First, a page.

In August 2003, a South African company, Alvis OMC, then a subsidiary of UK company Alvis and now a subsidiary of UK-based BAE Systems, signed a multi-million rand contract to supply the Ministry of Internal Security of the Republic of Guinea with ten “Mamba Mk3” 4×4 armoured “mine-protected” vehicles for immediate delivery from South Africa. A spokesperson for Alvis said these armoured vehicles would be used for “border control” in Guinea and that a three-week in-country training programme would form part of the contract.

On the other hand, the South African government should have been aware in 2003 of the foreseeable and significant risk that the security forces in Guinea would most likely use such vehicles to facilitate serious human rights violations if it granted permission for their export. The Guinean security forces had violently suppressed, in particular, demonstrations organized during the December 1998 presidential elections, the local elections of June 2000, and the 2001 referendum. Tensions were evident, and erupted again during the demonstrations of February 2004, November 2005, February and June 2006, and January/February 2007. Amnesty International has gathered information showing that the security forces in Guinea used armoured vehicles, including of the type imported from South Africa, to commit human rights violations while policing demonstrations held in January and February 2007 in Conakry. Photographs taken in Conakry on 20 January 2007 show the deployment by security forces of Mamba and other vehicles in the city.Film footage, reportedly shot on 22 January 2007 in Conakry, shows security forces firing on participants in a peaceful demonstration using what appear to be Mamba and other vehicles matching those in the photographs.

Apart from the armoured vehicles from South Africa referred to above, which would appear to be recorded under the UN trade data as being delivered in 2003, France has been a significant source of supply of military and lethal equipment to Guinea, especially cartridges for shotguns in the period 2003 – and again in 2004, 2005 and 2006, totalling a value of $6,213,611.Both Portugal and Spain have also supplied cartridges in 2003, 2004 and 2006 worth $246,388, and in 2003, $105,841 respectively.In 2005, Senegal delivered equipment under the category of munitions and cartridges and Turkey delivered firearms in 2004 and 2005 respectively.

On Wednesday, France announced it had suspended military co-operation with its former colony and said it was considering freezing aid to the country. But analysts say international bodies have little leverage as Guinea is a resource-rich, wealthy nation enjoying heavy investment from foreign mining firms.

Neoliberals Entrench In Germany But There Is Hope

Exit polls issued by German state television revealed that Merkel’s Christian Democrats (CDU) and its sister party, the Christian Social Union (CSU), had secured 33.5%, with the Free Democrats (FDP) taking 15%, giving a clear Bundestag majority of at least 308 seats.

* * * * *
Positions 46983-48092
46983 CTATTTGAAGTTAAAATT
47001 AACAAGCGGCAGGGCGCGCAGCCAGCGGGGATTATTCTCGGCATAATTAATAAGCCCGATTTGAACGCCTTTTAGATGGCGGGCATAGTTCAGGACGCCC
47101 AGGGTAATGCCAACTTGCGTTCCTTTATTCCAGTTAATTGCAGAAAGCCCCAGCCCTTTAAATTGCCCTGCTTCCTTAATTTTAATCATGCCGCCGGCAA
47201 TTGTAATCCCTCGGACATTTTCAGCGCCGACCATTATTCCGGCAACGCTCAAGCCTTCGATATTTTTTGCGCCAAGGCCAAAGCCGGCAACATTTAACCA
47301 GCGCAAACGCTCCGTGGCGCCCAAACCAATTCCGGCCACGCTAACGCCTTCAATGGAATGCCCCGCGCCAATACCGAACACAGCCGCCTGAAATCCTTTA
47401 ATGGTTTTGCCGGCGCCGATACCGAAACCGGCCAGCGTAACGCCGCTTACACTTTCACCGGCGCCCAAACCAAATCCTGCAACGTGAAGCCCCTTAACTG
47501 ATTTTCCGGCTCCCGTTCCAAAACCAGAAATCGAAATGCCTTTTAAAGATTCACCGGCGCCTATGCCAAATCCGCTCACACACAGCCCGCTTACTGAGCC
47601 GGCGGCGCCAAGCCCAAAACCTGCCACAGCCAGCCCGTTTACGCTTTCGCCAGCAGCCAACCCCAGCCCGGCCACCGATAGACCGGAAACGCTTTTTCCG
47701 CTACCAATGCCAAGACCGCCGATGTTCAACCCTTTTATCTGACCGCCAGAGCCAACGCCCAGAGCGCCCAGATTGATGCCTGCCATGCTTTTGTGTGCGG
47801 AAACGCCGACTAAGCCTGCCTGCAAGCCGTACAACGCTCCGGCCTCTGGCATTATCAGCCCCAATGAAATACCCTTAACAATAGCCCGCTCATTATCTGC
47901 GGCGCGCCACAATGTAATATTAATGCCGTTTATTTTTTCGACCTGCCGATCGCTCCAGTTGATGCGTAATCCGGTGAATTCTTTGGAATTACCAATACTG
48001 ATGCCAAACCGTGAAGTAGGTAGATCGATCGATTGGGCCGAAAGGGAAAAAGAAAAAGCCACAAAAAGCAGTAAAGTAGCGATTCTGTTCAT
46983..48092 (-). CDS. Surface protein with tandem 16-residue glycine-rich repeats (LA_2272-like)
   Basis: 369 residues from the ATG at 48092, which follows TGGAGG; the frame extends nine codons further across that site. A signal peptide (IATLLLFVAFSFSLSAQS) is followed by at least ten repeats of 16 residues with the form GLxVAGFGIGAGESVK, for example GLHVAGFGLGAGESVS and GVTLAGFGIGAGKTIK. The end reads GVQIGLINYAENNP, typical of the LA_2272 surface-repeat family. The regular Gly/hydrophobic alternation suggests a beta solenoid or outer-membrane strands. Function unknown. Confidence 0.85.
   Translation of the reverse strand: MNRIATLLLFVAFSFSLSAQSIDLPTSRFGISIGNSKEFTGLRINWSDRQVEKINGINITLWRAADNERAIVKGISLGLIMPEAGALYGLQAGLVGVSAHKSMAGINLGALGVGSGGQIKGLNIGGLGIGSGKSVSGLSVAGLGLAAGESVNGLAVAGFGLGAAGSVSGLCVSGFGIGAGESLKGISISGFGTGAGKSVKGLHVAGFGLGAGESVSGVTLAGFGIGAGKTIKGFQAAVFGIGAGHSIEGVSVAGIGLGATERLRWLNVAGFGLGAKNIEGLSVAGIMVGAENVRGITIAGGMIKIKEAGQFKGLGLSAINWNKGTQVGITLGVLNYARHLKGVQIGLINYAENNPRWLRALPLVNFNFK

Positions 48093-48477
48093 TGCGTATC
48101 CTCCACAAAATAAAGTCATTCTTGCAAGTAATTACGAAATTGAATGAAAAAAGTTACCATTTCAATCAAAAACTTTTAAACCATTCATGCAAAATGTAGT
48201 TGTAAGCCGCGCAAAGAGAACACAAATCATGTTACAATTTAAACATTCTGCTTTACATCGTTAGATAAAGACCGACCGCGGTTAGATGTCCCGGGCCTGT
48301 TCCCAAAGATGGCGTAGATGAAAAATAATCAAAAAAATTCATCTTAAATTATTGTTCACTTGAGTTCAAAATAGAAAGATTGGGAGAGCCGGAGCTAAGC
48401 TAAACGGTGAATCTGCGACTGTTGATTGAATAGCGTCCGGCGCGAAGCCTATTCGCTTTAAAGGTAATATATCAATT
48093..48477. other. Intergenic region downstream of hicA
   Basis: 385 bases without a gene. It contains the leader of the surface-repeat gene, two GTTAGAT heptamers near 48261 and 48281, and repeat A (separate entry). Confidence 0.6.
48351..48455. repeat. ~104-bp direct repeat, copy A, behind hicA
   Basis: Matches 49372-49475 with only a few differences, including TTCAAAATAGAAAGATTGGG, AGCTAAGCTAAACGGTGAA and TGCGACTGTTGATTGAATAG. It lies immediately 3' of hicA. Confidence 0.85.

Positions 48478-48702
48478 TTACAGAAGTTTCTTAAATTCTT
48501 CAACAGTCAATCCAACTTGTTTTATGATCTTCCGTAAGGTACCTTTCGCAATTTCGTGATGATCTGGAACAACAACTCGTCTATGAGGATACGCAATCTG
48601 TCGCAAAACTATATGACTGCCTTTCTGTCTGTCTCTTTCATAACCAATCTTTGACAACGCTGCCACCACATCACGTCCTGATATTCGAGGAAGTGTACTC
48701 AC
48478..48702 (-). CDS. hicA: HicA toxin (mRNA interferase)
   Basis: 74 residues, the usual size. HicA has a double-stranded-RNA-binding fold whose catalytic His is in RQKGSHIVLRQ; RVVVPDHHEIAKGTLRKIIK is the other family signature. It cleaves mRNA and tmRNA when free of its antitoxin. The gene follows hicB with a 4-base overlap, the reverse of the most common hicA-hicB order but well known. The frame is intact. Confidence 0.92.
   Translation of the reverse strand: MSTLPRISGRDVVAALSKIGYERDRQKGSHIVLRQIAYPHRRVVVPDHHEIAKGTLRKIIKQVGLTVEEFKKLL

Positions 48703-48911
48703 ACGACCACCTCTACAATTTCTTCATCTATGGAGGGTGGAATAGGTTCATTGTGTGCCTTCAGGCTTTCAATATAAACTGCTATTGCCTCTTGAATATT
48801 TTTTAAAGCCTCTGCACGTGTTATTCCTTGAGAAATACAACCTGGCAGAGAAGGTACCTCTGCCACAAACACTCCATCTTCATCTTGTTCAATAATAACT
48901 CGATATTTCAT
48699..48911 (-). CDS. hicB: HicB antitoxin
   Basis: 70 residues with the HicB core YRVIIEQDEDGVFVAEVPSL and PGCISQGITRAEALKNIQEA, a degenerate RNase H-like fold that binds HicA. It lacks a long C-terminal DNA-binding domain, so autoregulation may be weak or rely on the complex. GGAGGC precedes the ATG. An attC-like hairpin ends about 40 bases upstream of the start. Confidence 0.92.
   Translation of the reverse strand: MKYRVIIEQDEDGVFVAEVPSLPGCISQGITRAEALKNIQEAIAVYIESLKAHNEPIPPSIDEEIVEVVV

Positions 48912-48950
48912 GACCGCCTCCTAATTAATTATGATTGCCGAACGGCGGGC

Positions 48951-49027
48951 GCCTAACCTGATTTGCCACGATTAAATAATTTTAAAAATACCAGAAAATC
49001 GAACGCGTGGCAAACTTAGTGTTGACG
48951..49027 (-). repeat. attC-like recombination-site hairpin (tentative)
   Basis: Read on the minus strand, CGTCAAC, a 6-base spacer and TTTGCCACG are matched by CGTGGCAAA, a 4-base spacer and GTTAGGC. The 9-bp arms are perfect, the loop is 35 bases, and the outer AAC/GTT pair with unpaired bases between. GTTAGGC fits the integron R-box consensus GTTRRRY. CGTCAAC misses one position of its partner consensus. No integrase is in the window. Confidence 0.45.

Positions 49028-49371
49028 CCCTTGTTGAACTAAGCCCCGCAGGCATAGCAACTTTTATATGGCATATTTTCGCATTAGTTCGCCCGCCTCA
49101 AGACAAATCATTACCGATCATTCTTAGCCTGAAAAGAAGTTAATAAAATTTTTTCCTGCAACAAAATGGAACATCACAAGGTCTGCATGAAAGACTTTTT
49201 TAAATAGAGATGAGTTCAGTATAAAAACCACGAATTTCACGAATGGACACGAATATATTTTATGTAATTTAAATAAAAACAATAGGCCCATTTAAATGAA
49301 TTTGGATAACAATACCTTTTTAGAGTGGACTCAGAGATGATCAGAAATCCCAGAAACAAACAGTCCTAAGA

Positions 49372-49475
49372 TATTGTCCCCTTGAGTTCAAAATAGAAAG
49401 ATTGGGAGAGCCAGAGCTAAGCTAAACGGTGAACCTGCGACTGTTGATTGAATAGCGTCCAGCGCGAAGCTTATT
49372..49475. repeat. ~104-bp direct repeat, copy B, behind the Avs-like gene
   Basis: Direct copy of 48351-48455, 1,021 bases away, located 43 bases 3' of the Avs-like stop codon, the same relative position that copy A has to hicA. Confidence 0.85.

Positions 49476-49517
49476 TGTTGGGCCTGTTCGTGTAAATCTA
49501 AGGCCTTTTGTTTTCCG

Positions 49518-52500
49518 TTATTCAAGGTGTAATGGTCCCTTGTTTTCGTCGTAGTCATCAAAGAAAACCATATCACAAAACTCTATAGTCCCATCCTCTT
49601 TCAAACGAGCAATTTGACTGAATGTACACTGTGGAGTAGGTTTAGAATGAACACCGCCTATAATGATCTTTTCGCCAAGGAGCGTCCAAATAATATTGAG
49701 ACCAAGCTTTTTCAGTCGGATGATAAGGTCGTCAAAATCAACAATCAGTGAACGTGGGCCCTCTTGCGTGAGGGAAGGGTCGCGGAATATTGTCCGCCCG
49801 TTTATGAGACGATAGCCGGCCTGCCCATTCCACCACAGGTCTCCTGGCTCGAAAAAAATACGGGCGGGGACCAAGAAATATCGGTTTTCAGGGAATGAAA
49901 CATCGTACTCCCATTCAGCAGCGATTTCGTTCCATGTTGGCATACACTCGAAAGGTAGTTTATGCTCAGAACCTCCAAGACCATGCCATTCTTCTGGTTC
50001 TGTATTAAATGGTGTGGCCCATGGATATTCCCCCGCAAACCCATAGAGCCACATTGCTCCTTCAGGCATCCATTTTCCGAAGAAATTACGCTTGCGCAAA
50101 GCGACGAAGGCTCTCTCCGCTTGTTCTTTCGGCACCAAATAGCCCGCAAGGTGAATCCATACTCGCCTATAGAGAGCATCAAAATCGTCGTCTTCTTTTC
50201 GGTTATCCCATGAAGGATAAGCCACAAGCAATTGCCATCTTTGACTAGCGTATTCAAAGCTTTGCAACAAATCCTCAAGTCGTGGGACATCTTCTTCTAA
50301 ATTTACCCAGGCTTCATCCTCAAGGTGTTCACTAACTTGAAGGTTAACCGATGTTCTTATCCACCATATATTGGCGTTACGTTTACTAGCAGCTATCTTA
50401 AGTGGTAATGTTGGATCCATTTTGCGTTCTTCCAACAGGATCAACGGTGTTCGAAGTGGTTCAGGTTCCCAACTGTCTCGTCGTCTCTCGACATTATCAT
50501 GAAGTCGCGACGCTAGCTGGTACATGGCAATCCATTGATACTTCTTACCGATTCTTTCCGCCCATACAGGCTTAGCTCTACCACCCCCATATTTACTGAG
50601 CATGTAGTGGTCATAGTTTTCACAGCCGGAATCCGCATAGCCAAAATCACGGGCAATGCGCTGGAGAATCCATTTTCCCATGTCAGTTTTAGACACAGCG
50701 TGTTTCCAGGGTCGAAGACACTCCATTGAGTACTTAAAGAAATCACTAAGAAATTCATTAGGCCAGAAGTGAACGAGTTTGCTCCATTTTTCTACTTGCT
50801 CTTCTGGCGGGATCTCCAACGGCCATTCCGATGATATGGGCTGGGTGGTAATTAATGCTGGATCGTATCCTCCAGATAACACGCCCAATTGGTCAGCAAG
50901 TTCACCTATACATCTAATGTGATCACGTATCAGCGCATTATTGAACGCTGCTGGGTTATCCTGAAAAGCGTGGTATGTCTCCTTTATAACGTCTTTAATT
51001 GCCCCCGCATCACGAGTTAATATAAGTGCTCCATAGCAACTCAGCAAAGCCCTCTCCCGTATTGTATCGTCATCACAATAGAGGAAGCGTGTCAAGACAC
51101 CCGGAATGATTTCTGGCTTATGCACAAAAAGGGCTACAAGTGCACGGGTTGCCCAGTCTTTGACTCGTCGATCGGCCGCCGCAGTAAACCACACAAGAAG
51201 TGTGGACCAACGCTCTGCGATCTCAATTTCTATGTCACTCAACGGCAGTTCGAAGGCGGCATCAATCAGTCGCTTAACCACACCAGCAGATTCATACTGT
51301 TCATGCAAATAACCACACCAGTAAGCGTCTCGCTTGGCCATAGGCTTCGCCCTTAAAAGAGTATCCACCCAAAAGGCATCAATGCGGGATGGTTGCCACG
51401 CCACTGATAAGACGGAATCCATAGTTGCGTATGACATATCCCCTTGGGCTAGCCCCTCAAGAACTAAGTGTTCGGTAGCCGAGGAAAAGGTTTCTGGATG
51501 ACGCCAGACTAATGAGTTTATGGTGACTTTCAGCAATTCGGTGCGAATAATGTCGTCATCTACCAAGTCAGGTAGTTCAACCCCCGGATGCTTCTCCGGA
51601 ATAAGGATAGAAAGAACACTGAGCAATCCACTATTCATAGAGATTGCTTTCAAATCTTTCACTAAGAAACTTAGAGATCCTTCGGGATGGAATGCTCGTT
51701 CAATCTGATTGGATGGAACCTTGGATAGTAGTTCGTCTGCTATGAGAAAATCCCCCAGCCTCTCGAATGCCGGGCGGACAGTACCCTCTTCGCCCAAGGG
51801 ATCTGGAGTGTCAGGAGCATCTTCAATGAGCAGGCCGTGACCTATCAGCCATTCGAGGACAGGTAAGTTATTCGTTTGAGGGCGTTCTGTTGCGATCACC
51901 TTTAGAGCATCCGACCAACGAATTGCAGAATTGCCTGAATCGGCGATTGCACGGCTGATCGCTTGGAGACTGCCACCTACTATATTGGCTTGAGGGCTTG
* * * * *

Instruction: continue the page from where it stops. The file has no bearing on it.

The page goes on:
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And For Those Who Get Skittish At The Mention of Class War

Executives at Britain’s top companies saw their basic salaries leap 10% last year, despite the onset of the worst global recession in decades, in which their companies lost almost a third of their value amid a record decline in the FTSE.

Prime Minister Gordon Brown is to admit for the first time that spending cuts will be needed, the BBC understands. BBC political editor Nick Robinson said Mr Brown would make his most explicit comments yet on spending choices in a speech to union leaders on Tuesday.

Why We’re All Going To Die

Because growth- FTSE 100 closes above 5000 for first time in almost a year !!!!!! Woohoo!!!!!!-is still the measure of whether things are going well or not. If this ‘crisis’ didn’t teach us anything then only mass die offs will. Boy, I’m chirpy. Cassandras debate.

Then that weird airport stuff, it’s either that sector grows and we all ration our lives to allow it, or we might *gasp* have stop going on so many totally frivolous flights. I mean really, is getting pished and whoring in -insert name of place where human flesh & dignity is sold cheaper than your locality- for a weekend really essential to life? We globalised the planet and it killed it dead.

But the public is not as stupid as the politicians think. They’ve noticed the disconnect between talk of global ecological disaster and a slight increase in taxes. It’s worrying that the How to Solve Climate Change handbook seems to be empty, except for the phrase “increase taxes” scrawled on every page in the chancellor’s handwriting. Meanwhile the government is doing everything it can to keep us polluting, encouraging airports all over the UK to grow as fast as they can pour the concrete and allowing adverts pushing unnecessary flights to grow alongside every high street.

You can’t discourage flying with one hand and promote it with the other without being rightly labelled a hypocrite. How is the public, up to their eyeballs in loft insulation and recycling boxes, to react to reductions from every other sector because the aviation industry wants extra runways at Heathrow and Stansted? How can you take this government’s claims to be serious about tackling climate change when you can’t leave your house without a billboard inducing you to splash out on a plane ticket? Even Ed Miliband – the person who is supposed to be sorting this mess out – doesn’t see anything wrong with supporting taxes on air travel while declaring that a bigger airport in his constituency would be great for the economy.

Posted in Stupid. Tags: , . 7 Comments »